If rent receipts are low enough or costs high enough, you may have a loss. IRS data shows annually, more than half of landlords report a loss. Due to complex passive activity loss rules, rental property losses are of limited value on most tax returns.
IRS data shows annually, more than half of landlords report a loss. Due to complex passive activity loss rules, rental property losses are of limited value on most tax returns.
The other source of return is property appreciation. The adage, “location, location, location” comes to mind. Most new landlords think the property they are buying will do better than average. Fact is, while some properties appreciate a lot, most appreciate in line with aggregate numbers and prove not to be so special. If the property were so clearly a money-making machine, it probably would not have been for sale.
Of course, real estate prices have risen dramatically recently, which can skew the perception of how likely increases are. We would be remiss in not pointing out that more price appreciation is gained when real estate is bought at low prices, not high prices. In our view, the recent rate of increase is not likely to be sustainable. What is realistic? Economic theory posits that residential real estate prices in general should not produce much return over inflation before taxes.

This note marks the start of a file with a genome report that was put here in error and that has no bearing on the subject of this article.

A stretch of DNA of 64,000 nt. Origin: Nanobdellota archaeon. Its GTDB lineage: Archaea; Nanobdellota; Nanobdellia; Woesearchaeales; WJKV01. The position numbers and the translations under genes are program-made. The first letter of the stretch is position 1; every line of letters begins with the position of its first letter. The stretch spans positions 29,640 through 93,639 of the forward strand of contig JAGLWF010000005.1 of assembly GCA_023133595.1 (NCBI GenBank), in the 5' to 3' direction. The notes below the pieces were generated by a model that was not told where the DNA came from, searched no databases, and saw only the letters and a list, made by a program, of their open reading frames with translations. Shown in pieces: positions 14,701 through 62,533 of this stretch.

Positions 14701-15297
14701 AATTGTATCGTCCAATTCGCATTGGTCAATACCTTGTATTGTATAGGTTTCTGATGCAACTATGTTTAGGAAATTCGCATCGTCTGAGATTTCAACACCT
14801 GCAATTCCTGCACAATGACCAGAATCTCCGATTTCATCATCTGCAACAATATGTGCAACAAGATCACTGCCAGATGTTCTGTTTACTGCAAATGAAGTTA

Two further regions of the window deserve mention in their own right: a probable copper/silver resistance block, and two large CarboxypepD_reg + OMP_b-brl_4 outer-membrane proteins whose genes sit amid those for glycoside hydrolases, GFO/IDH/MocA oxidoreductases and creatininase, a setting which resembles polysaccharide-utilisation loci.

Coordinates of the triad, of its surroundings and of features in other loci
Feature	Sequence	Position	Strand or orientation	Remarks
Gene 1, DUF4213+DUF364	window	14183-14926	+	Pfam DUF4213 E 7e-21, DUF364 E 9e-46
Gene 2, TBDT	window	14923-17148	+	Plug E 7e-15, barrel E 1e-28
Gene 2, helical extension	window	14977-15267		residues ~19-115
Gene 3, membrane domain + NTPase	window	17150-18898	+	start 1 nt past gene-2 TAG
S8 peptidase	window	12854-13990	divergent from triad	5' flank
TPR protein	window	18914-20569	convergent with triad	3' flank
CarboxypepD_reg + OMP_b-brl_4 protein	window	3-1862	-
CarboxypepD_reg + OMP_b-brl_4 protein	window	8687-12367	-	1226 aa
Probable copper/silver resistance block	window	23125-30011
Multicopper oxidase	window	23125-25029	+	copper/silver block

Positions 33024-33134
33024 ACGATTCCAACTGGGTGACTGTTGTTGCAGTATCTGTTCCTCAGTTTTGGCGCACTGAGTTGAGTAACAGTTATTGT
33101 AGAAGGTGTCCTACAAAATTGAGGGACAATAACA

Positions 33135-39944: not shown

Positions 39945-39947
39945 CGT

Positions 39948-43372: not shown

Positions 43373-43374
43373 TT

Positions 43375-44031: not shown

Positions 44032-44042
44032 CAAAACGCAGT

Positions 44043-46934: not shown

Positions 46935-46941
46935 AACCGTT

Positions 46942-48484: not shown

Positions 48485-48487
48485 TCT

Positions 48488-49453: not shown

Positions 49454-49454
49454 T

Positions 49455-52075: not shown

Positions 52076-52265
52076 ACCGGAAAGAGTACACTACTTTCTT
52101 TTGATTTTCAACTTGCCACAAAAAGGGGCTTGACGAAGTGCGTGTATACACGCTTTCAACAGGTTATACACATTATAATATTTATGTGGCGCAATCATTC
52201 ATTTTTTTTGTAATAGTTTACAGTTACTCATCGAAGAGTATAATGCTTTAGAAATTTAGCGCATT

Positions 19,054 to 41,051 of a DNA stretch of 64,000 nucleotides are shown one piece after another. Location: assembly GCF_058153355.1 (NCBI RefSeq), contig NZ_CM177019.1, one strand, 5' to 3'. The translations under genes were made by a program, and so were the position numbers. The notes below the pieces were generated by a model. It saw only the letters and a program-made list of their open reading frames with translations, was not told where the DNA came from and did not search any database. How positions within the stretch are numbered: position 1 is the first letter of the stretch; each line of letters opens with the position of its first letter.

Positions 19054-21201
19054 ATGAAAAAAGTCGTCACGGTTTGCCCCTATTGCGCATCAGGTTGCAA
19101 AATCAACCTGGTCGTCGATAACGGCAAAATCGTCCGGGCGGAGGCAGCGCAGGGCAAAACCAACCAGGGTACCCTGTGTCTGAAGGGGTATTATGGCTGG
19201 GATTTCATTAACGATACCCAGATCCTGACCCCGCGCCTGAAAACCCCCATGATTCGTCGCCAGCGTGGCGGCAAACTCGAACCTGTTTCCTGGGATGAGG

Recent increases in housing prices have some “chasing returns” or looking at real estate investments as easy money. “Easy” profits don’t exist. Rental real estate has its own set of quirks that make directly investing in properties challenging on many levels. A few will do well but most people find the time, effort, risks, and aggravation are not worth it.
Moisand Fitzgerald Tamayo, LLC is an Orlando, Tampa and Melbourne, Florida based fee-only financial planner serving central Florida and clients across the country. Moisand Fitzgerald Tamayo, LLC specializes in providing objective financial planning, retirement planning, and investment management to help clients build, manage, grow, and protect their assets through all phases of one’s life and the many transitions in between. If you have any questions or would like to discuss anything further, please give us a call or send us a note. If you are not a client and wish to receive emails notifying you of new posts – no more than once per month – fill out the subscription information in the sidebar to the right. For more frequent updates, follow us on Facebook, LinkedIn, or Twitter.